34 AACR Cancer Progress Report 2013
production of estrogen have proven very successful at reducing
tumor recurrence if taken for five years (96-98) (see Table
6, p. 28). Moreover, recent data from long-term clinical trials
indicate that 10 years of therapy with one of these drugs,
tamoxifen (Nolvadex), is even more effective at reducing tumor
recurrence (99, 100). As all anti-estrogen drugs have serious
side effects, our knowledge that these drugs are ineffective
for women whose breast cancers are not fueled by estrogen
spares these patients from unnecessary and potentially harmful
Recent research has identified a potential new way to target
treatment that reduces tumor recurrence to only those cancer
survivors likely to benefit (101). Prior research had indicated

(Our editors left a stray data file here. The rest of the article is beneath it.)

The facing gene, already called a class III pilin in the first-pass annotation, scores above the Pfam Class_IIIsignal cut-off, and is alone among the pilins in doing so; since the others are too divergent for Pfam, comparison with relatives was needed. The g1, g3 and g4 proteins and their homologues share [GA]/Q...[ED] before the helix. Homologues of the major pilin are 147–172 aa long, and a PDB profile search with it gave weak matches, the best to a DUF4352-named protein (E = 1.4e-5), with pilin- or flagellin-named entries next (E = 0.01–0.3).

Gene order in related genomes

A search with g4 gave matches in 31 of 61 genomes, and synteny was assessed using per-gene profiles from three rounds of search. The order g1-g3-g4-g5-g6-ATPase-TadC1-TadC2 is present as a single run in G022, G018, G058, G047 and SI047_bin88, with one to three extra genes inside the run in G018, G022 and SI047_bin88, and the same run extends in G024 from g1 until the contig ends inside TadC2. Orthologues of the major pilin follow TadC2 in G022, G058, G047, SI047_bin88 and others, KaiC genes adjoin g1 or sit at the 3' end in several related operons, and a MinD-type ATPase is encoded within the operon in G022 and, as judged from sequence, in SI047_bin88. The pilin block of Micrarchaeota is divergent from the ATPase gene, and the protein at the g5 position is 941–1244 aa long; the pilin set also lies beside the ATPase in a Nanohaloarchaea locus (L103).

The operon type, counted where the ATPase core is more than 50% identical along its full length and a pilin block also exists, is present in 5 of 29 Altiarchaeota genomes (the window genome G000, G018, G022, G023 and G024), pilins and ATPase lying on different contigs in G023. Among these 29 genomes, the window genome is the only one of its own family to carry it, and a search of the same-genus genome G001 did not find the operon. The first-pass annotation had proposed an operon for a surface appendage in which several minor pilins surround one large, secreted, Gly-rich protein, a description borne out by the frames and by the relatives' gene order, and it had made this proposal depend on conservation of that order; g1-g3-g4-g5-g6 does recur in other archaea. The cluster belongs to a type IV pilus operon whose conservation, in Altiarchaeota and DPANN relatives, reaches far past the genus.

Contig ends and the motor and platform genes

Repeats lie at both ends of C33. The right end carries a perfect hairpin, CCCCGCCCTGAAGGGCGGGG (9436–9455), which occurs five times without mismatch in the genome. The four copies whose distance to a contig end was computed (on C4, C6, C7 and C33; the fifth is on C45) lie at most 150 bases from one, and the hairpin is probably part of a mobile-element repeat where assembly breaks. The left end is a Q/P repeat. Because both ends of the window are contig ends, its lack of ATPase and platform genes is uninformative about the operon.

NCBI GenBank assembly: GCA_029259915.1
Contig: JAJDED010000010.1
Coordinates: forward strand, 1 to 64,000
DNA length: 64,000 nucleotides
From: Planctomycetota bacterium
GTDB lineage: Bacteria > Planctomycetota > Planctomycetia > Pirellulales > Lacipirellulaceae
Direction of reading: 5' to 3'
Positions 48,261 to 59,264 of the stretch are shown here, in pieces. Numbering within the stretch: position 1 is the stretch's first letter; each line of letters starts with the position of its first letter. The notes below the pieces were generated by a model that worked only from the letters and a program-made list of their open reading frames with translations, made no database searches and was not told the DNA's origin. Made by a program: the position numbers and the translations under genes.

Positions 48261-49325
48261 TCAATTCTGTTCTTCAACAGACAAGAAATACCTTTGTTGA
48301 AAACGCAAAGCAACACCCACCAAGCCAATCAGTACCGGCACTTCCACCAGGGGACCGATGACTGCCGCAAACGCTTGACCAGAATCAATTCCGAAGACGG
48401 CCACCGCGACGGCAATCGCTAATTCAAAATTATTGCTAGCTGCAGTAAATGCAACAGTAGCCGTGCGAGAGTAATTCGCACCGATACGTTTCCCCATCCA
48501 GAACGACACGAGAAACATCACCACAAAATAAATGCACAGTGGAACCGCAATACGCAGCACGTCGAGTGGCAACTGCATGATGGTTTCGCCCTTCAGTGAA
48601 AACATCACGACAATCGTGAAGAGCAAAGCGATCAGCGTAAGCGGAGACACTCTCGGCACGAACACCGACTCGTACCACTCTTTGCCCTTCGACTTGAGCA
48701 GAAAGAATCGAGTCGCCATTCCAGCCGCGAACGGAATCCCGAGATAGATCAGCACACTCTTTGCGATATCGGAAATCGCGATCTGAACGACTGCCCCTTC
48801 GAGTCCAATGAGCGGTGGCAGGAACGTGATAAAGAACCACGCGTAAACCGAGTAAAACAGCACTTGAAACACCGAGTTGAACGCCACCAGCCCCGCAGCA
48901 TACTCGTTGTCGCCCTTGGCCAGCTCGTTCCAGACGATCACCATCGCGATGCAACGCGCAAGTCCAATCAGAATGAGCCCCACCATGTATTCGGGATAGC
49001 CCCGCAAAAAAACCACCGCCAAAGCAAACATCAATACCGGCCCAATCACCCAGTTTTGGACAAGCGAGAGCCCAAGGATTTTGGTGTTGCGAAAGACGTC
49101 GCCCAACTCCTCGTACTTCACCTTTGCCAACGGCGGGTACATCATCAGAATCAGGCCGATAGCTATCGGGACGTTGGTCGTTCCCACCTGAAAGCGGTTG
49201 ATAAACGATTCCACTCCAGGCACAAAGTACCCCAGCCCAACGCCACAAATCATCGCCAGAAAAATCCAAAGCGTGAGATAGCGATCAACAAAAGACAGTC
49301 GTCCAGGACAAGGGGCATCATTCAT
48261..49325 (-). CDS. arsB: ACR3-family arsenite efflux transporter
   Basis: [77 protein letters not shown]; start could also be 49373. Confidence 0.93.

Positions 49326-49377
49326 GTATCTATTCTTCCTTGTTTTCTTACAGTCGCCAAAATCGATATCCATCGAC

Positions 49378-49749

that regular aspirin use could lower risk of both primary and
recurrent colorectal cancer (102, 103). However, widespread
aspirin use was not recommended because of concerns over
side effects such as gastrointestinal bleeding. Fortunately,
researchers have been able to narrow down the population
of colorectal cancer survivors who will benefit from aspirin
(101). They found that regular aspirin use by colorectal cancer
survivors with tumors harboring mutations in the PIK3CA gene
reduced their risk of colorectal cancer death by about 80
percent, but that aspirin showed no benefit for survivors who
lacked this mutation in their tumors.
This knowledge promises to reduce colorectal cancer morbidity
and mortality for certain colorectal cancer survivors and to
eliminate the needless treatment of those who will not benefit.
However, additional, large-scale studies are needed before
aspirin use can become a standard treatment for patients with
PIK3CA-mutated colorectal tumors.
Despite these successes, the use of medical interventions to
reduce primary and recurrent tumor risk is not widespread.
Therefore, continued research is needed to develop more
concrete evidence to identify the most at-risk patients, better
screening approaches, and more and better ways to intervene
earlier in the progression of cancer.